HP 41c . don't touch if you don't know


Hello and greetings from Italy! happy to be back on this board!
I opened today a 41c fullnut calculator which I bought used on e-bay quite an year ago; it has a little problem in displayng the second and third characther from the left of the display: any segment not displayed properly, and changing while pressing on it; at the beginning I tryed to forget this problem and delay the fix of it. Yesterday unfortunately I opened the calculator, thinking to find a bad solder joint between the keyboard printed circuit board and the display board or simply with the purpose of trying to clean the contacts (the battery ones were very clean, I wanted to do something. Well, to replace the black paper cover I disconnected the CPU board form the keyboard.............after that the calculator doesn't work at all!! At the beginning I had a lightly bad working calculator and now the display doesn't show anything more
I thought that maybe the CPU board was not touching properly the keyboard printed circuit. there is a connector that never I saw before (two white soft plastic or rubber stripes), I tryed to clean it with alchool (the display at that time was still showing something, when moving the claculator:segments letters and numbers). then I thought to fix it with a small amount of superglue around the bottom screw holes, just to hold the two printed boards in touch, but as I told you The display doesn't still show anything

Anybody who can help me to fix this problem, or, at least to make a diagnostics?
PS Luiz, Alberto have you experience with this kind of calculator?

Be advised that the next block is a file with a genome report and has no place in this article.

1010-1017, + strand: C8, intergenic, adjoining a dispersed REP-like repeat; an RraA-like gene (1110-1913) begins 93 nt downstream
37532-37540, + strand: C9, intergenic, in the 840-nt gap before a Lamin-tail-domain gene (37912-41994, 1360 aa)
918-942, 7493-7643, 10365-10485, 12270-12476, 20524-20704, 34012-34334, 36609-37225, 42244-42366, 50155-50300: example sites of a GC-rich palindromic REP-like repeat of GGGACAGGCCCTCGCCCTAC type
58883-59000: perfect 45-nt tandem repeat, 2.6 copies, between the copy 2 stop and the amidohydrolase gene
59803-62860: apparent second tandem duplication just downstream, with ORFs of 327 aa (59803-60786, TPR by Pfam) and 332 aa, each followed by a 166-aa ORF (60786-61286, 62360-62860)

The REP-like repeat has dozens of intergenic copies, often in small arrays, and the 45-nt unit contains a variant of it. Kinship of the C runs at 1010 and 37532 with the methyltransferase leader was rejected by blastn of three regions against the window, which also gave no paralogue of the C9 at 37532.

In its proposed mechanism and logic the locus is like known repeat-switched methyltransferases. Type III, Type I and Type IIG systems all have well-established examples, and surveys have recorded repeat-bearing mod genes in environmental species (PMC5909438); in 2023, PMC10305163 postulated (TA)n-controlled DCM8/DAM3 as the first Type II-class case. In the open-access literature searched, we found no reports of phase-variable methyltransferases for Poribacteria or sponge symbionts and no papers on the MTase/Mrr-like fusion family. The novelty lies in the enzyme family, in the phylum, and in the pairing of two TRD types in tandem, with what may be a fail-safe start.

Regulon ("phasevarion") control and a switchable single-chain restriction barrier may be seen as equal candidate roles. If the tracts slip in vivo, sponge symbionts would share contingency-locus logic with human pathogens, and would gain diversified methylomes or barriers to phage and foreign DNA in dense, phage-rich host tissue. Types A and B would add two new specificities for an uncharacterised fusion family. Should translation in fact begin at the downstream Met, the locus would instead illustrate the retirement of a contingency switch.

This is probably due to the CPU board not making good contact with the keyboard PCB board. From what you describe the connector strips are the elastomeric kind, which as far as I know were not originally used in the 41c model, but used in later CV and CX models. There is another type of connector which looks like a whole bunch of fine wires wrapped around a kind of flexible clear small plastic sausage, and both sides are joined together by thin clear plastic with two holes for the screw posts. So I'd day those strips have been replaced.

Does your 41c use two nuts on the screw posts to hold the pressure on the connectors ? It is hard to get the pressure correct with the screws, and sometime it might be worth replacing with a short length of soft plastic tubing.

Are all the screw posts in good condition, both top and bottom ones ? If the top screw posts are cracked or broken, this can affect the pressure required for the connection of the flexible PCB which carries power to the keyboard PCB.

Do you have any photos to share ?



Thank you John, first, for the quick answer!